Beautiful Joe
Chapter 13, Page 2


Please be aware that this book was originally published in 1894 and may contain words, descriptions, or other passages that may be considered offensive today.


After I finished my tea, I followed Miss Laura upstairs. She took up a book and sat down in a low chair, and I lay down on the hearth rug beside her.

"Do you know, Joe," she said with a smile, "why you scratch with your paws when you lie down, as if to make yourself a hollow bed, and turn around a great many times before you lie down?"

Of course I did not know, so I only stared at her. "Years and years ago," she went on, gazing down at me, "there weren't any dogs living in people's houses, as you are, Joe. They were all wild creatures running about the woods. They always scratched among the leaves to make a comfortable bed for themselves, and the habit has come down to you, Joe, for you are descended from them."

This sounded very interesting, and I think she was going to tell me some more about my wild forefathers, but just then the rest of the family came in.

I always thought that this was the snuggest time of the day — when the family all sat around the fire — Mrs. Morris sewing, the boys reading or studying, and Mr. Morris with his head buried in a newspaper, and Billy and I on the floor at their feet.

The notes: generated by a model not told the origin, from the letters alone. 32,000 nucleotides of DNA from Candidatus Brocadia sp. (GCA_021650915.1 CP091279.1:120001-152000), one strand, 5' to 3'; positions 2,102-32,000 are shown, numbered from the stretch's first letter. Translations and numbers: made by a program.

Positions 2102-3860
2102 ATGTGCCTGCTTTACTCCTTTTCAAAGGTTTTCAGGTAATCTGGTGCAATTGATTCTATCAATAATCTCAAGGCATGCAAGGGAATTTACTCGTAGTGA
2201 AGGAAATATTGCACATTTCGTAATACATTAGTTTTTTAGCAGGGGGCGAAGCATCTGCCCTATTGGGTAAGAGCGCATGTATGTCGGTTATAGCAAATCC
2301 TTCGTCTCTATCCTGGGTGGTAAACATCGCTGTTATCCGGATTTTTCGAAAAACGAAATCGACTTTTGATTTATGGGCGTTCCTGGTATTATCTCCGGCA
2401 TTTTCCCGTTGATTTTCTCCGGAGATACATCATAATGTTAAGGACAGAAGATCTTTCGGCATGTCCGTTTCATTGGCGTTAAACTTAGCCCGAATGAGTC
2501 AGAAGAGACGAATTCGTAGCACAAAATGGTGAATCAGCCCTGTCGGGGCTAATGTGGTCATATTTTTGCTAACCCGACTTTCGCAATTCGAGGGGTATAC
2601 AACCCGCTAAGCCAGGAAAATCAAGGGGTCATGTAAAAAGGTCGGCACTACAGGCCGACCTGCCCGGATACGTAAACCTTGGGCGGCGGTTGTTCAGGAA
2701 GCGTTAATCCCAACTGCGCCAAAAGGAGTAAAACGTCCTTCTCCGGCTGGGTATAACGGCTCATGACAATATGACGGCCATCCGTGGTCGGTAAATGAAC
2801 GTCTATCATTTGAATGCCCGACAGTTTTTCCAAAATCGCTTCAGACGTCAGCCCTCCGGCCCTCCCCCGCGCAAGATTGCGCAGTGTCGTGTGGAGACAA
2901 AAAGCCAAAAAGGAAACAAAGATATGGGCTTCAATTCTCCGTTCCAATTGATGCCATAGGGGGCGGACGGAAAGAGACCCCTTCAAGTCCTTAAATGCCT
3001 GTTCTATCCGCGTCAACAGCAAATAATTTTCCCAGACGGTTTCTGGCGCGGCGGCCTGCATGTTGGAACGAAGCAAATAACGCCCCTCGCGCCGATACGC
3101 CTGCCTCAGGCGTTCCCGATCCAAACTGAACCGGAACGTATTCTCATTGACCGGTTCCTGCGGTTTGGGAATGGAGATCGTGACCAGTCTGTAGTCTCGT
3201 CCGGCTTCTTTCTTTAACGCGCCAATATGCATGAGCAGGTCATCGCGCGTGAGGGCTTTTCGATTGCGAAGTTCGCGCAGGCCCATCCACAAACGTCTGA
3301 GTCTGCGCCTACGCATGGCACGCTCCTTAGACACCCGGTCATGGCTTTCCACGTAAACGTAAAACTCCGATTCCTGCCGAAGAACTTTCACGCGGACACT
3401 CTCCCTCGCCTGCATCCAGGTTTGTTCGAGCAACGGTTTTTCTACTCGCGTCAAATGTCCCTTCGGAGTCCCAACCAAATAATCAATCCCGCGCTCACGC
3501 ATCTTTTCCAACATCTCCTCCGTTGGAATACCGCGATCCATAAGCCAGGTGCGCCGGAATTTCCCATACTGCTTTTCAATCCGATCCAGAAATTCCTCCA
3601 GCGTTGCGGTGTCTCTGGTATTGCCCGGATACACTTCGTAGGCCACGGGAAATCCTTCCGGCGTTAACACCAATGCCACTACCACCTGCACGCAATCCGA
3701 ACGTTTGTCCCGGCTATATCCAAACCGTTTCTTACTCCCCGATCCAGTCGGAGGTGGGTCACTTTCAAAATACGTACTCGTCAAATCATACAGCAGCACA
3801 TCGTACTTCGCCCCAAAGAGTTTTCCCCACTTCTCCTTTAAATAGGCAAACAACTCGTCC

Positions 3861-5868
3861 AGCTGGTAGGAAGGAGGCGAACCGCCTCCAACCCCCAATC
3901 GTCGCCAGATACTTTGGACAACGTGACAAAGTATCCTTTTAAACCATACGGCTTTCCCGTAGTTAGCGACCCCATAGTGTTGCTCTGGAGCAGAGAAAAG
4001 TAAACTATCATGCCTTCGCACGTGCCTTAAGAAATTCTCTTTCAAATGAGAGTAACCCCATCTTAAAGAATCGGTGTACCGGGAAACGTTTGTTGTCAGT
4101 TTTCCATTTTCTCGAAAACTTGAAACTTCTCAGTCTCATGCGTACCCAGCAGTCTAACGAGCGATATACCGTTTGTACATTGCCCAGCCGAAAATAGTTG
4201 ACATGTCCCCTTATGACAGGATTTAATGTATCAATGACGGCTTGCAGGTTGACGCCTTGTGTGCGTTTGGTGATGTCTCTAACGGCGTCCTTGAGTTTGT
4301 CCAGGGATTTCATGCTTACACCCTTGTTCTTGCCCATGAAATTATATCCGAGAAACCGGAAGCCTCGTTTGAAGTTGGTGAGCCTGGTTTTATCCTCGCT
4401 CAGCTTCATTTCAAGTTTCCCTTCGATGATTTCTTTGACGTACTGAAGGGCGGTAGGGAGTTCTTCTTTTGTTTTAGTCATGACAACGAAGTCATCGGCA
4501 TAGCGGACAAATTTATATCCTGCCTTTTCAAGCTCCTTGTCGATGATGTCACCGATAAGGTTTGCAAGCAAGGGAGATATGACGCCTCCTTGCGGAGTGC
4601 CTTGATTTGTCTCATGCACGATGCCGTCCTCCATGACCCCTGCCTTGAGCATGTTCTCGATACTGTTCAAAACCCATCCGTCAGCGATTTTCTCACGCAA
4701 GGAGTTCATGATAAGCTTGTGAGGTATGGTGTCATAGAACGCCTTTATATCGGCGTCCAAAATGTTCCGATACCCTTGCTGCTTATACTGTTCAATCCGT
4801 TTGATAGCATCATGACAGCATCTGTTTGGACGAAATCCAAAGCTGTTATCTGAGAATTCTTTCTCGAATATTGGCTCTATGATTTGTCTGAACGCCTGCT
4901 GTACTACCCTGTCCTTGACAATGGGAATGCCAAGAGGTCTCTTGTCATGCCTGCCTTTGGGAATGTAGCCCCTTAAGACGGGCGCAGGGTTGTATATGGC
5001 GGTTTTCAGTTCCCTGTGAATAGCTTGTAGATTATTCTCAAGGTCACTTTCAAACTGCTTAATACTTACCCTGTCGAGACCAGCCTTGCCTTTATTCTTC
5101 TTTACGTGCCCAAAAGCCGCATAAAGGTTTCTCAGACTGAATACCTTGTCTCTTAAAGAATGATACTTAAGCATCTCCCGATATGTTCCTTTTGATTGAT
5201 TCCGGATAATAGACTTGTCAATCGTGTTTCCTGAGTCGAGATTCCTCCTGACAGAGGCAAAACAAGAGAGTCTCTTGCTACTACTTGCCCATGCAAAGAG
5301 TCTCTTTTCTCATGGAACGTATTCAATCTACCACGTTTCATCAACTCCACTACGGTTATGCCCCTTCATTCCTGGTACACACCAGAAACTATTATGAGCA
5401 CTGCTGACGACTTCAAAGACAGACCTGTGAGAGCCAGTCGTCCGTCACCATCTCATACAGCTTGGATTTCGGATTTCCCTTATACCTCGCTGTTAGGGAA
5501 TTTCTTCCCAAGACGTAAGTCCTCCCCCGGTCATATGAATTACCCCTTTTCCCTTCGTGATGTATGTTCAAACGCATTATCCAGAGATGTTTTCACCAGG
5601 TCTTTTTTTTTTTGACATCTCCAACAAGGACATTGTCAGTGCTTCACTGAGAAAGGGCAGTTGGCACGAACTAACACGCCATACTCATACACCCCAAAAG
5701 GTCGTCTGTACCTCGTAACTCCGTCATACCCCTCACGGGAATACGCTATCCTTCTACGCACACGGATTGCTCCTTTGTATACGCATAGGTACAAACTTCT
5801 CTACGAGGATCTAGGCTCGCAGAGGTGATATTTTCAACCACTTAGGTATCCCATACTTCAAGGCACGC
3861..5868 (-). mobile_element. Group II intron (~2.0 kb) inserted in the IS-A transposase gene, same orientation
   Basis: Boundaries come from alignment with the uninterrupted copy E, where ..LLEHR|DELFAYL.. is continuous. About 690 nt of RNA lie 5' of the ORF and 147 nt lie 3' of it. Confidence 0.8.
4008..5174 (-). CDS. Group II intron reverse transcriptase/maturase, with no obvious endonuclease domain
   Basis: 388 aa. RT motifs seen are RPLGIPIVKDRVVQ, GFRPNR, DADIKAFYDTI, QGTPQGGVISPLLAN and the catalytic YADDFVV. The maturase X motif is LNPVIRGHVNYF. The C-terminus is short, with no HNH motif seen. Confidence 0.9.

This evening I was feeling very drowsy, and had almost dropped asleep, when Ned gave me a push with his foot. He was a great tease, and he delighted in getting me to make a simpleton of myself. I tried to keep my eyes on the fire, but I could not, and just had to turn and look at him.

He was holding his book up between himself and his mother, and was opening his mouth as wide as he could and throwing back his head, pretending to howl.

For the life of me I could not help giving a loud howl. Mrs. Morris looked up and said, "Bad Joe, keep still."

The boys were all laughing behind their books, for they knew what Ned was doing. Presently he started off again, and I was just beginning another howl that might have made Mrs. Morris send me out of the room, when the door opened, and a young girl called Bessie Drury came in.

She had a cap on and a shawl thrown over her shoulders, and she had just run across the street from her father's house. "Oh, Mrs. Morris," she said, "will you let Laura come over and stay with me to-night? Mamma has just gotten a telegram from Bangor, saying that her aunt, Mrs. Cole, is very ill, and she wants to see her, and papa is going to take her there by to-night's train, and she is afraid I will be lonely if I don't have Laura."

"Can you not come and spend the night here?" said Mrs. Morris.

"No, thank you; I think mamma would rather have me stay in our house."

"Very well," said Mrs. Morris, "I think Laura would like to go."

"Yes, indeed," said Miss Laura, smiling at her friend. "I will come over in half an hour."

"Thank you, so much," said Miss Bessie. And she hurried away.